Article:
Roma expelled from France anxious about the future

21st August 2010, Comments 0 comments

Back in his once flourishing but now economically depressed mining town, Gabriel, a 33-year-old Romanian Roma just expelled from France, is anxious about the future for his family.

"I am disgusted by all the problems here in Romania. Here, the industry is dead. I do not know to whom or what I can cling to. I do not know what to do to support my family," he told AFP, asking his last name not be used for the safety of his family.

Gabriel was on the first flight Thursday carrying dozens of Roma back to Romania after French President Nicolas Sarkozy announced a tough law and order crackdown that explicitly linked crime and immigration.

After a flight to Bucharest and a long train ride with his wife and children, including a baby born in France, he is now back in Petrosani, his native town in western Romania.

During communist times, Petrosani was a booming mining town. Around 45,000 people worked at extracting coal, said mayor Tiberiu Iacob Ridzi.

Today, only 8,000 work in the mine. The unemployment rate in the area reaches 11 percent, significatly higher than the 7.4 percent national average.

Gabriel left for France a year ago to escape joblessness and poverty.

"Romania is the country where we were born. I love it, but the living standards differ a lot. France gives you the possibility to live, Romania gives you the possibility to die," said Gabriel's father Vasile, a 51-year-old carpenter, who also travels to France from time to time to work.

In the eastern French city of Grenoble where he lived a year, Gabriel worked as a mechanic. Never officially however, as Romanian and Bulgarian citizens are still submitted to work restrictions in France.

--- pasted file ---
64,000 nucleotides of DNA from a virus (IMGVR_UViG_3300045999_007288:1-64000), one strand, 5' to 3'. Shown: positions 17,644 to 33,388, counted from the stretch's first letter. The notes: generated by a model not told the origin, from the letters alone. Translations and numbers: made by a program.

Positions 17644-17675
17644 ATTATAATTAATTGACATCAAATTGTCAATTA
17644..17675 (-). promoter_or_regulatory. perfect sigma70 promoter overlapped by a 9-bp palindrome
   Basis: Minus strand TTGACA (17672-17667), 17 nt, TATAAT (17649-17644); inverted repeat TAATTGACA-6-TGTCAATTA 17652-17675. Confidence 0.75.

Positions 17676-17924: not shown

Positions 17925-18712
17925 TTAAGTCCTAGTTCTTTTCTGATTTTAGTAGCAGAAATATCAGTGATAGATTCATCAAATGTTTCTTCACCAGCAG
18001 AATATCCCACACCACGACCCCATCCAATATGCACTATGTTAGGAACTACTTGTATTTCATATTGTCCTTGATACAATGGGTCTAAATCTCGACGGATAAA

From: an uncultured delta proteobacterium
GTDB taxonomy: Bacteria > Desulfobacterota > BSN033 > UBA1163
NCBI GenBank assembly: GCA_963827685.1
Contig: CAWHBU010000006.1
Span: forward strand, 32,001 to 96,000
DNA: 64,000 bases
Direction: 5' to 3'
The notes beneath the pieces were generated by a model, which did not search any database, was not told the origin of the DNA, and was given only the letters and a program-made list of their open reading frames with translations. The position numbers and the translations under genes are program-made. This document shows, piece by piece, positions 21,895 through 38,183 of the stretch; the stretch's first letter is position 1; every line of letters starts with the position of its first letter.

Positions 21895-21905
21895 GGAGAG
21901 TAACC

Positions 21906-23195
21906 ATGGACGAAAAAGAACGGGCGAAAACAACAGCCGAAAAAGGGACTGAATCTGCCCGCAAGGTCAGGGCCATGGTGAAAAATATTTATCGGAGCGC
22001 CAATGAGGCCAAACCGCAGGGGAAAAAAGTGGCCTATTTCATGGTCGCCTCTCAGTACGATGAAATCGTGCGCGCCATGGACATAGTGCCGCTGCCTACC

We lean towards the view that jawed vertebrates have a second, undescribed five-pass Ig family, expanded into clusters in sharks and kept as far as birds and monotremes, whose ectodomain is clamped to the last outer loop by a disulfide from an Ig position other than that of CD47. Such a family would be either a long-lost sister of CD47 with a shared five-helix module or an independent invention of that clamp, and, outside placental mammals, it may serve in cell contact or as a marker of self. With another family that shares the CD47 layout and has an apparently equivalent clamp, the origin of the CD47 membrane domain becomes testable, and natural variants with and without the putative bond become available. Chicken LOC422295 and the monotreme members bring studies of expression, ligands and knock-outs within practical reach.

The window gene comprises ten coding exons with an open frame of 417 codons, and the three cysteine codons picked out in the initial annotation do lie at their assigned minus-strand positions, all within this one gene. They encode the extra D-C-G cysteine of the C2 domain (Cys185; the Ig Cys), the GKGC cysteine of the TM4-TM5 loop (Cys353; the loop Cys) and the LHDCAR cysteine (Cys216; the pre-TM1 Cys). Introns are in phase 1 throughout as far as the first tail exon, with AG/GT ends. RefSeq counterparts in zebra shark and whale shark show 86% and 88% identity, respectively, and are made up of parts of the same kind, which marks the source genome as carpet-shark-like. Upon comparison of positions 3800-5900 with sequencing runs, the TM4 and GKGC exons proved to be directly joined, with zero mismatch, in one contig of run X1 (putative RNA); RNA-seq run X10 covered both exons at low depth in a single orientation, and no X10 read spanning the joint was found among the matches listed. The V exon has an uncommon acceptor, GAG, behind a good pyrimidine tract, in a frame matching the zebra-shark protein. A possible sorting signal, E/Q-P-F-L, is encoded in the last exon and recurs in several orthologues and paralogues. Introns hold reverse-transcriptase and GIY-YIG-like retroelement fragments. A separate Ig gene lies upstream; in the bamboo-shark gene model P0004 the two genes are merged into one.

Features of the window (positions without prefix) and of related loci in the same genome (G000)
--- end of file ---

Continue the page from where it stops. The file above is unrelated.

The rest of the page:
His wife worked as a saleswoman until she became pregnant. The family settled in a hotel room.

"We were starting to grow roots in France", Gabriel says.

He would have liked to stay and is bitter about being forced to leave.

"I was pushed to go back to Romania" because of the political situation in France, he said.

Officially, Gabriel accepted a so-called "voluntary return" in exchange for a 300-euro grant.

"But we cannot say it is really a voluntary return. The (French) authorities are putting on pressure and some politicians play the card of racial hatred," he said, adding that French people, on the contrary, are "very helpful".

France is facing growing international criticism after it decided to toughen its stance against Roma living illegally in the country.

Earlier this month, a United Nations expert panel warned of mounting racism and xenophobia in France, slamming the link made by the authorities between immigrants and crime.

"Of course, some of our people behave badly but others are good people and now good people suffer," said Gabriel.

According to Romanian governmental sources, none of the people sent back on Thursday and Friday committed an offence.

In Petrosani, 35-year-old Cristinela Ionescu, a graduate in sociology and journalism, is trying to help Roma including the ones that just came back from France.

Her NGO Thumende offers professional training.

Together with the municipality, they will meet every family expelled from France to identify their needs.

The mayor says he will try to provide as much assistance as his limited budget allows him to do.

"You cannot give people 300 euros and tell them 'go back where you came from'. As a human being, I am from where I feel good to live," Ionescu said when asked about the French policy.

In Petrosani, most of the Roma go to school. Unlike in other parts of Romania, the drop out rate is low. Several programmes using European funds are also running to build houses for Roma.

The economic crisis, which is hitting hard what is already one of Europe's poorest countries, remains the main problem.

If he does not find a job fast, Gabriel said he will leave again to France or elsewhere in Europe.

© 2010 AFP

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